Glittering Images is the first book in Susan Howatch's Starbridge Series, a fictional account of the Church of England in the 20th Century set in the Salisbury–like diocese of Starbridge. Glittering Images takes place in the 1930s, during the Anglican Church's debate over modernizing English divorce laws.
The Reverend Dr. Charles Ashworth is a polished Cambridge academic who prefers writing about medieval Christian theological disputes to active ministry. His mentor, the Archbishop of Canterbury, sends him to secretly investigate the Archbishop's rival, the charismatic Bishop of Starbridge, to determine if the Bishop's alternative household arrangements are as innocent as they appear or a sleazy ménage à trois sure to bring scandal on the Church.
Ashworth's integration into the Bishop's household culminates in his own traumatic breakdown – a major plot transition Howatch handles masterfully, gradually turning the story inside out. Only when Ashworth (with guiding counsel from an astute Anglican monk) untangles his own psycho-spiritual mess is he able to solve the mystery of Starbridge.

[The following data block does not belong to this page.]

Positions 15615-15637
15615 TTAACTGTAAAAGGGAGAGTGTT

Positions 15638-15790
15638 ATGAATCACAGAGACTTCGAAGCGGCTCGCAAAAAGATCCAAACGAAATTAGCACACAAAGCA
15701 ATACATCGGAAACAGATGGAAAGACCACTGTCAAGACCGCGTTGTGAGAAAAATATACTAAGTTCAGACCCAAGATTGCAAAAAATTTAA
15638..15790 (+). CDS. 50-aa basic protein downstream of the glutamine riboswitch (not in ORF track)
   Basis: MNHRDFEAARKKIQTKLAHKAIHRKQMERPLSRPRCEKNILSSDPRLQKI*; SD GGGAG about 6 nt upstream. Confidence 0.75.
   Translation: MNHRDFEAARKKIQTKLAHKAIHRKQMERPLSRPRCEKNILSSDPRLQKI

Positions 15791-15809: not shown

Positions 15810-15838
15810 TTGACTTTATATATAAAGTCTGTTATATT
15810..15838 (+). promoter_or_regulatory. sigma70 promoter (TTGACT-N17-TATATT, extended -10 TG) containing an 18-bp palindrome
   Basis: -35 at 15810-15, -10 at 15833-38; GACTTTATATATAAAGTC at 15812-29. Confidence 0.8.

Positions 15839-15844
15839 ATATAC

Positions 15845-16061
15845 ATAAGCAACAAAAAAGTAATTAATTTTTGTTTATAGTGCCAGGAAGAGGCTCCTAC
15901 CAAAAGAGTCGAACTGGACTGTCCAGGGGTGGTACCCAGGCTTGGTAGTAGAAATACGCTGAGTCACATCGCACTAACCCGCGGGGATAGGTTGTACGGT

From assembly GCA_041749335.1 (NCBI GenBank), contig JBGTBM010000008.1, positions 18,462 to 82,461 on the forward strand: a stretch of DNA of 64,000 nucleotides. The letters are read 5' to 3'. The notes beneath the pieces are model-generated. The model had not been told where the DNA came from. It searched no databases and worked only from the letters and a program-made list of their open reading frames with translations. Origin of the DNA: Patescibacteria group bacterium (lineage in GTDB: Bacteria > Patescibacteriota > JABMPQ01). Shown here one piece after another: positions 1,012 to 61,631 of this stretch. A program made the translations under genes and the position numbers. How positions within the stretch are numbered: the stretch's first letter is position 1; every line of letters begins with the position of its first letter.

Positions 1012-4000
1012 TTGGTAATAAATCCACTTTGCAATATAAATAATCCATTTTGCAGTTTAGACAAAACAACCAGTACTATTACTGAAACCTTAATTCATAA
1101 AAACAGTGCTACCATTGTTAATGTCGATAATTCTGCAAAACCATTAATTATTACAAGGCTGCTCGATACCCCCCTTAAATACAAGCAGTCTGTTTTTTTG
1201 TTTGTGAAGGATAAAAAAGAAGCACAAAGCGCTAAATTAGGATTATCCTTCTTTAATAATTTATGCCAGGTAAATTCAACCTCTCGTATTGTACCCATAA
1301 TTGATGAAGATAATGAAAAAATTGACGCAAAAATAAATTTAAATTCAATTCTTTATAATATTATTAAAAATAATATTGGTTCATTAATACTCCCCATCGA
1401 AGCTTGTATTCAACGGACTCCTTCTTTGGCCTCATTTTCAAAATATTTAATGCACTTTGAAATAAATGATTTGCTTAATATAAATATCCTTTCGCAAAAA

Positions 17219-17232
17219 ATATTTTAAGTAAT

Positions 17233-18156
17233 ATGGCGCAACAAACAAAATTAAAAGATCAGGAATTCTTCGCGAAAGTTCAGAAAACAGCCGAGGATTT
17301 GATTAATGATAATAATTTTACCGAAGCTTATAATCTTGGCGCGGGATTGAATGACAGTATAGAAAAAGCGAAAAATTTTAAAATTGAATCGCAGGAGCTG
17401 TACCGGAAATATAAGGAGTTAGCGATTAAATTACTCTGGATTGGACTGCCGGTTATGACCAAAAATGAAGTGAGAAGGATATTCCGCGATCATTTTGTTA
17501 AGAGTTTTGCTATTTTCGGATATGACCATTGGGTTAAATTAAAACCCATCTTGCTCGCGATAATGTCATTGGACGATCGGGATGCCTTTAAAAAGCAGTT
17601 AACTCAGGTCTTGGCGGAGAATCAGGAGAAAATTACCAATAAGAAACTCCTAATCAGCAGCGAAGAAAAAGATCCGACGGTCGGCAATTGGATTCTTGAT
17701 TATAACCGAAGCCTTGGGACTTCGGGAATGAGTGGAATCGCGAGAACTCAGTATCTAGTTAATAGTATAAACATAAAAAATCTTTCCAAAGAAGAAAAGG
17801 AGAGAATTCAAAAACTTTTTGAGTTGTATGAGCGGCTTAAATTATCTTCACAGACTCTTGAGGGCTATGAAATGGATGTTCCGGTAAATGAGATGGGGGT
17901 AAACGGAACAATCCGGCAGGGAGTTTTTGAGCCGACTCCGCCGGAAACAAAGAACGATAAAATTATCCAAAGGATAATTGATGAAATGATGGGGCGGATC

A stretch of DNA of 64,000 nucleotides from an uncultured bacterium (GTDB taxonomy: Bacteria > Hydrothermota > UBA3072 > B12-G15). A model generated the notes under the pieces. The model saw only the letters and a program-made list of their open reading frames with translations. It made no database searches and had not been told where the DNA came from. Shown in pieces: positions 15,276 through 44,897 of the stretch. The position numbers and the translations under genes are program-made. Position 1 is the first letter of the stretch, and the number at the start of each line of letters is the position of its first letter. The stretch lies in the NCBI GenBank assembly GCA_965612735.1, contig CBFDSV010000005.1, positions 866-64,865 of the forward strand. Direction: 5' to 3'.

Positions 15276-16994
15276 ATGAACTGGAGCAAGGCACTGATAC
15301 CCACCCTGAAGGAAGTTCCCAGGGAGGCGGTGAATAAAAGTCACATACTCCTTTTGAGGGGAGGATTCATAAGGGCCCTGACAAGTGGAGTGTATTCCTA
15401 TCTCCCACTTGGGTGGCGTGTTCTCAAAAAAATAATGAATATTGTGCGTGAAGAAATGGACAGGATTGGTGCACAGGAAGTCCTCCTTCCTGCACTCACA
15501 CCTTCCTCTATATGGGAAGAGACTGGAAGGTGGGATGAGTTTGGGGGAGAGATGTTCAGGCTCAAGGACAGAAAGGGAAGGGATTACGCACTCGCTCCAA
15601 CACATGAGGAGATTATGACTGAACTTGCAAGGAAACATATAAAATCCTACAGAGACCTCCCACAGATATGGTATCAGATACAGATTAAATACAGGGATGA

Howatch turned to the religious themes explored in Glittering Images after experiencing her own spiritual epiphany. The book is certainly Christian in outlook and subject matter, but in execution bears all the marks of Howatch's earlier pop-fiction family sagas. The fast-turning pages are full of gothic suspense, moody imagery, sex, scandal, and drama. May the rest of the Starbridge Series be this good.
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This counts as one of my two 450 to 500 page books for the Chunkster Challenge, as well as one of my choices for the Mt. TBR and Off the Shelf Challenges.